So I'm opening a pipe to the program (FILE fp = popen("foobar.pl", "r"))
and read and write it directly to the socket.. This is my code: ------
while(!feof(fp))
{
bytes = fread(b,1,1024,fp);
fwrite(b,1,bytes,sock);
}
------ b was defined like this: b = malloc(1025); and is freed later.
malloc()ing 1024 would have been enough if you don't try to read more
- you're not dealing with strings here but "raw" data.
This works correctly if the output of './foobar.pl' is very small..
But unfortunately, if it gets bigger I get the error: 'Broken pipe'.


popen(), pipes and sockets are extensions to C, so they aren't dealt
with here, e.g. comp.unix.programmer would be a better place to ask
in your case.

But also from a standard C point of view there's a problem with your
code. feof() can't determine in advance if you're going to be able
to read from a file - you can only use it afterwards to find out
if a read failed because you reached EOF. So you better check the
return value of fread() to find out if the read was successful.

<OT>
You get a broken pipe error when you try to write to a pipe or
socket that has been closed by the reading side. So it looks as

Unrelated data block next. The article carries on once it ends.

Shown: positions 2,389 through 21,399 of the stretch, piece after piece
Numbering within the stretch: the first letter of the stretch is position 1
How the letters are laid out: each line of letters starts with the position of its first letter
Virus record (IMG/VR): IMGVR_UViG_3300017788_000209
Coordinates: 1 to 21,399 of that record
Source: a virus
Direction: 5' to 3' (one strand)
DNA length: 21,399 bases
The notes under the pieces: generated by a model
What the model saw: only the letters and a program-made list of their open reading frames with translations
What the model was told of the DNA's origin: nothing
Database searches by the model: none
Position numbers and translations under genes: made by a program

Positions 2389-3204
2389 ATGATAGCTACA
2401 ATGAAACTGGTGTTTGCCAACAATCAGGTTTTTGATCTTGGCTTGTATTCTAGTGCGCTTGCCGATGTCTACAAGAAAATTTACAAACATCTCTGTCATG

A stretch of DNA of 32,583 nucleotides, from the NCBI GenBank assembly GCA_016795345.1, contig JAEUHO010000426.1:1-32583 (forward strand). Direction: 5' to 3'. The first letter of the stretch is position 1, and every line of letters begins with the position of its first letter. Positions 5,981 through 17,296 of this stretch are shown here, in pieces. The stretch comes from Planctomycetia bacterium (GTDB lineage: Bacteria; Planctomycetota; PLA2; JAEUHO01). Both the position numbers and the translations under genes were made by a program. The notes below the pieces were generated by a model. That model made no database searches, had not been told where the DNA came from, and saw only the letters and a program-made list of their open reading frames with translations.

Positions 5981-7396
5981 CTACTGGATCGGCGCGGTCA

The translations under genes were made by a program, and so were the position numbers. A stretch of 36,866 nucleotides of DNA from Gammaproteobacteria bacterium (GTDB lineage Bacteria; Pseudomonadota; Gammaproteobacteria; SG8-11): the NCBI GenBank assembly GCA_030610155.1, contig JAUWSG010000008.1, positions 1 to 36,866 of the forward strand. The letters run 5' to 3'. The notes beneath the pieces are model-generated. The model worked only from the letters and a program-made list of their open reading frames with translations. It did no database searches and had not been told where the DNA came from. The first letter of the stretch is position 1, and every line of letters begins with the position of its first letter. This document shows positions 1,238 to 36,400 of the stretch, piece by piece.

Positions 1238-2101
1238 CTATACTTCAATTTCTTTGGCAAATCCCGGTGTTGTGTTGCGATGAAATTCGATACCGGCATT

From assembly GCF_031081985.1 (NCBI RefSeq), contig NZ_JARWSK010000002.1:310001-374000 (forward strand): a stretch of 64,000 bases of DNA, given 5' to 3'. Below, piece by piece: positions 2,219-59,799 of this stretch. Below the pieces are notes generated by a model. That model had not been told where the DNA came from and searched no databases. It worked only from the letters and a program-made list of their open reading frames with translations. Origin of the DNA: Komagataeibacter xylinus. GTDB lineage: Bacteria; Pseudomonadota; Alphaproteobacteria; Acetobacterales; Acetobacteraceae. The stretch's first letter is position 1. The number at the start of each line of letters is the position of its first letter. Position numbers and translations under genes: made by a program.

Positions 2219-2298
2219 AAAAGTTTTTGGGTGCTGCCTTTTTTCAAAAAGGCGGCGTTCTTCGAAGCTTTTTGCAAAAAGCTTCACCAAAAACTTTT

if the other side has closed the socket before you're finished
writing to it.
</OT>
Regards, Jens

PS: Please keep your line length down to not more than about 72 chars.
--
\ Jens Thoms Toerring ___ Je***********@physik.fu-berlin.de
\__________________________ http://www.toerring.de
Nov 14 '05 #4

P: n/a
Pascal Ehlert wrote:

I don't know if this is the right newsgroup because the question
is maybe a bit linux specific so if not slap me ;-)

I'm trying to send the output of a perl-script to a socket. So I'm
opening a pipe to the program (FILE fp = popen("foobar.pl", "r"))
and read and write it directly to the socket.. This is my code:

------
while(!feof(fp))
{
bytes = fread(b,1,1024,fp);
fwrite(b,1,bytes,sock);
}
------

b was defined like this: b = malloc(1025); and is freed later.


pipes are OT here. However that is not your problem. You are
misusing feof, which only announces that a read encountered EOF,
not that the file is at EOF. So you should use something like:

#define BYTESTOREAD 1024
size_t bytes;

while ((bytes = fread(b, 1, BYTESTOREAD, fp) == BYTESTOREAD) {
fwrite(b, 1, bytes, sock);
}
/* possible error check goes here */
if (bytes) fwrite(b, 1, bytes, sock);

since a bytes value less than BYTESTOREAD signifies either error or
EOF. At the error check point above you can check feof to
distinguish between them. At that point your buffer b holds the
data (possibly 0 bytes) last read.

C is much different in this respect from Pascal, which has a read
ahead buffer (f^) and thus can automatically know when EOF has been
reached. C only reports it after a failed read.

You should restrict your line lengths to no more than 72 chars, 65
is preferable, in newsgroups.

--
Chuck F (cb********@yahoo.com) (cb********@worldnet.att.net)
Available for consulting/temporary embedded and systems.
<http://cbfalconer.home.att.net> USE worldnet address!
Nov 14 '05 #5